Emily is very hopeful more medical professionals will learn about FABMs so they can share their knowledge with women who want to know and consider all their options. In particular, she hopes young women and teenagers will learn about FABMs early in life. She has used her “reactive” learning about FABMs to teach her younger cousins proactively about these methods.

Reflections from a Future Physician
I sincerely enjoyed learning about FEMM, Emily, and her journey in reproductive health. Since beginning medical school, I have been intrigued by FABMs for both personal and professional reasons. My goal in taking this selective was to learn more about FABMs to gain greater knowledge about my own fertility and to educate my friends and family. Additionally, I commit to sharing these options with my future patients as a first line treatment for menstrual issues and family planning. I felt very connected to Emily’s goal of teaching young women about these options beyond the typical hormonal contraceptives offered.

I learned truly valuable information from Emily when I probed about what she looks for in medical professionals and why she lost faith in medicine at one point in her life. I am very motivated by her description of the ideal doctor and hope to embody the tenets she described. She reinforced my belief that physicians should do their best to provide patients with as much information about a disease and treatment options as they seek. And by working together as a team with each patient, physicians can help guide people to make informed decisions about their health.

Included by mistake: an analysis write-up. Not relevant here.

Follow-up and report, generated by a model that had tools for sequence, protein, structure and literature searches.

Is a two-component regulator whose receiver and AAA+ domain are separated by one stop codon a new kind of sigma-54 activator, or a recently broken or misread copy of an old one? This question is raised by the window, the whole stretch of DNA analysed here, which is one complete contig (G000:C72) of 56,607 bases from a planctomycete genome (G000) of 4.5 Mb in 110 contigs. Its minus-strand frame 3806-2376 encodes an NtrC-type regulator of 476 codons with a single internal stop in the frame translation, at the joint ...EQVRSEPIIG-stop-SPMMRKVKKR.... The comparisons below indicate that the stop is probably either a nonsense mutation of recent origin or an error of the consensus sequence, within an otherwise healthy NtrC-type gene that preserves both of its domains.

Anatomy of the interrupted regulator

Editor’s Note: One of the benefits of having a variety of FABMs is that women and couples can choose what is best for them based on their desires, needs, and goals in the various seasons of their reproductive lives. Although many different FABMs are now available along with numerous apps for tracking the female cycle, it is advisable to choose evidence-based methods to ensure greater reliability and effectiveness.

Author Bio: Kylie Knoles-Barnett is a second-year medical student at Georgetown University School of Medicine in Washington DC. She is passionate about women’s health; though her future specialty is yet to be determined, it will undoubtedly include supporting and empowering women in all aspects of their healthcare. She loves spending time outdoors, playing with her dog, and traveling as time permits.